Big Picture

Tips & Tricks

Above and Beyond

-Gordon and Becki West

Preteens are on the go like never before. Any parent of an early adolescent knows this generation is a busy one with no shortage of activity in kids’ lives. Becki has a placard posted on her minivan visor that reads, “Mom’s Taxi.” With so much busyness, how do we ever connect with preteens in spiritually significant ways?

The Need for Time

Ross Campbell, in his book, How to Really Love Your Child, says that in order to positively impact kids we must build loving relationships with them. One key element of relationship-building is focused attention.

“Focused attention is giving a child full, undivided attention in such a way that he feels without doubt that he is completely loved. That he is valuable enough in his own right to warrant undistributed watchfulness, appreciation, and uncompromising regard. In short, focused attention makes a child feel he is the most important person in the world in his parents’ [or teachers’] eyes.”*

Offering focused attention isn’t easy but the payoff is worth the investment. Learn how your preteens spend their time and how you can fit into their schedule. You’ll gain more credibility in their lives and they’ll often be more receptive to your teaching.

The Need for Community

Today’s preteens balance their time between school, sports, dance, music lessons, friends, the mall, TV and the computer. Their interests are as varied as their looks and their personalities. But one common denominator is a desire for community.

When asked how her peers spend their time, one early adolescent answered, “Friends, that’s pretty much the whole thing friends.” Preteens are motivated by interaction—whether it’s on the soccer field or online. The activity is secondary to the experience of “hanging out.” Use this knowledge to build friendships with and between students.

Practical Ideas for Relating

Show support. Attend an occasional soccer match or recital to root for your preteens. Better yet bring several other students along to watch. Then take everyone out for soda afterward.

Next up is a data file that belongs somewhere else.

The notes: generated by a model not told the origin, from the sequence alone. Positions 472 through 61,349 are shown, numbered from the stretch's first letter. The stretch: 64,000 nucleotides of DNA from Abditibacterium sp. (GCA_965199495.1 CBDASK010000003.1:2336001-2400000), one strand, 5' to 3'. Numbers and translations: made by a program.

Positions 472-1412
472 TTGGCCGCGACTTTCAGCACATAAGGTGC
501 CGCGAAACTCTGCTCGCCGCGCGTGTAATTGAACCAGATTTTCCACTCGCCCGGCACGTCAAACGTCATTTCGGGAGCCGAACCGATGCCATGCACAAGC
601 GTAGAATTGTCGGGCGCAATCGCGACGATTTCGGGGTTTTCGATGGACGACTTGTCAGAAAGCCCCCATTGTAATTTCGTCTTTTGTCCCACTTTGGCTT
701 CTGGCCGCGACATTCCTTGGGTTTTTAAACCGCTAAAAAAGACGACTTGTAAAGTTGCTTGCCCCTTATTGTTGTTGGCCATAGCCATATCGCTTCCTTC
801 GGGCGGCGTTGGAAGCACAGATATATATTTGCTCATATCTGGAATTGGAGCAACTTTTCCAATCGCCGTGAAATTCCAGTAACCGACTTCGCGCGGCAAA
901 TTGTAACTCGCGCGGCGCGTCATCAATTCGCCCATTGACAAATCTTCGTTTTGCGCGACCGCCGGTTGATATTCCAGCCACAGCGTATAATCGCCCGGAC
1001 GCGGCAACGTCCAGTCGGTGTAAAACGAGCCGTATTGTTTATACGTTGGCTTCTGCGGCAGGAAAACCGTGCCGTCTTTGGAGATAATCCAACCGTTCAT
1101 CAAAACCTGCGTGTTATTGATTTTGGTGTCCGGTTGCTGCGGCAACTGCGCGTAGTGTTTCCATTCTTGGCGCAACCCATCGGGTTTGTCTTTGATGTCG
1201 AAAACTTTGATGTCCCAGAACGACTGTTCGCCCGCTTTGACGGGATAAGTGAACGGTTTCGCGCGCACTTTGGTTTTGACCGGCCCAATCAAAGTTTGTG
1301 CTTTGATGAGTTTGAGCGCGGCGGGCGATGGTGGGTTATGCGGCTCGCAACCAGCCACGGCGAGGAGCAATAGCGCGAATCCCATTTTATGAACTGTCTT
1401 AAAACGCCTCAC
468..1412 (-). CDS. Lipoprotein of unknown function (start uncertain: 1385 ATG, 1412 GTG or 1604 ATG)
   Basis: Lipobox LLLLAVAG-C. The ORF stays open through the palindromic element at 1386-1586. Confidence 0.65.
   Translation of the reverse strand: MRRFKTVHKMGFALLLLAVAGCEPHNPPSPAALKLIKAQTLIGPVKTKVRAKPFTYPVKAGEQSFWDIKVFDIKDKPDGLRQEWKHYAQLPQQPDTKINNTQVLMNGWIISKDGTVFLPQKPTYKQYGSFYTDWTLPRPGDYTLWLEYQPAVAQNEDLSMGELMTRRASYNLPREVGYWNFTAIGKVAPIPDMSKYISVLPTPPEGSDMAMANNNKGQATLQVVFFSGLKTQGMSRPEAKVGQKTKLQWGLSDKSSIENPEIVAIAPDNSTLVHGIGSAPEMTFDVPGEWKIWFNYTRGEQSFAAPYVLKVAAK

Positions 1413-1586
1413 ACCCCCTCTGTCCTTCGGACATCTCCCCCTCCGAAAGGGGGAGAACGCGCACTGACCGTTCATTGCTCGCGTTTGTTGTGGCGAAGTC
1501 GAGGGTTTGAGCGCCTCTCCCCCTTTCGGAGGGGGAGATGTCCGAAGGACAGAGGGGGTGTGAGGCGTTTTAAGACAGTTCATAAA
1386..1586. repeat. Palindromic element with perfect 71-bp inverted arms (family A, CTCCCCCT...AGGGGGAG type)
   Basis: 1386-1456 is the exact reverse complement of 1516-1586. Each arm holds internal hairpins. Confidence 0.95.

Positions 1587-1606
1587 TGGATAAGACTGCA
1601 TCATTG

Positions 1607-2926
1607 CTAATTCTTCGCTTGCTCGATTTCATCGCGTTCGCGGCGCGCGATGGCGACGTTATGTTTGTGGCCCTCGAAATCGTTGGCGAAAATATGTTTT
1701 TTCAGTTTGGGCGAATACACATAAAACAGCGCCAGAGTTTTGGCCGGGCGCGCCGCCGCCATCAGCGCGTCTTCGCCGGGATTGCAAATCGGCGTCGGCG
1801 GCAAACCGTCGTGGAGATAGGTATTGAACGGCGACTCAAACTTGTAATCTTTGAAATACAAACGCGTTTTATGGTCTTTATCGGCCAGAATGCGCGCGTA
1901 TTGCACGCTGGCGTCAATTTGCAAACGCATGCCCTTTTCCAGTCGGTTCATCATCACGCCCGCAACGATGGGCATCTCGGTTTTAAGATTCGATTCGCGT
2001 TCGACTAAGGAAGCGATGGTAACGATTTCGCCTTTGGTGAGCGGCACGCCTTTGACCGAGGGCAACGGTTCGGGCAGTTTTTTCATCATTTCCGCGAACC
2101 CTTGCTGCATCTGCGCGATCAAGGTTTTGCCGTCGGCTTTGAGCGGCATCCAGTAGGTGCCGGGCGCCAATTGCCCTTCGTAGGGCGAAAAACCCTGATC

Ask about your preteens’ hobbies. Becki worked hard to connect with one quiet girl in our preteen youth group. When she finally discovered that the girl collected Beanie Babies, the relationship began. Becki was able to connect with the student through her interests. Don’t feel you have to be an expert on everything. Ask good questions and listen attentively.

Take students with you on errands. Need to stop by Home Depot or go grocery shopping? Invite some of your students along (always at least two of your same gender). They can help you with your to-do list while watching you live out your Christianity.

Recognize the Need for Rest

Finally, realize what many parents and almost all preteens do not: early adolescents need time to rest and relax!

  • Read to your class while students make themselves comfortable. Let them sit or recline anywhere in your room.
  • Have a youth-like meeting with a mix of quiet worship songs, prayer and sharing.
  • Allow a moment of silence for a portion of each lesson. Some students need downtime to sort out their thoughts and process your lesson.

When Jesus wanted to reach the woman at the well, he sat at the well. To reach preteens with the Gospel, go the extra mile to meet them where they are.

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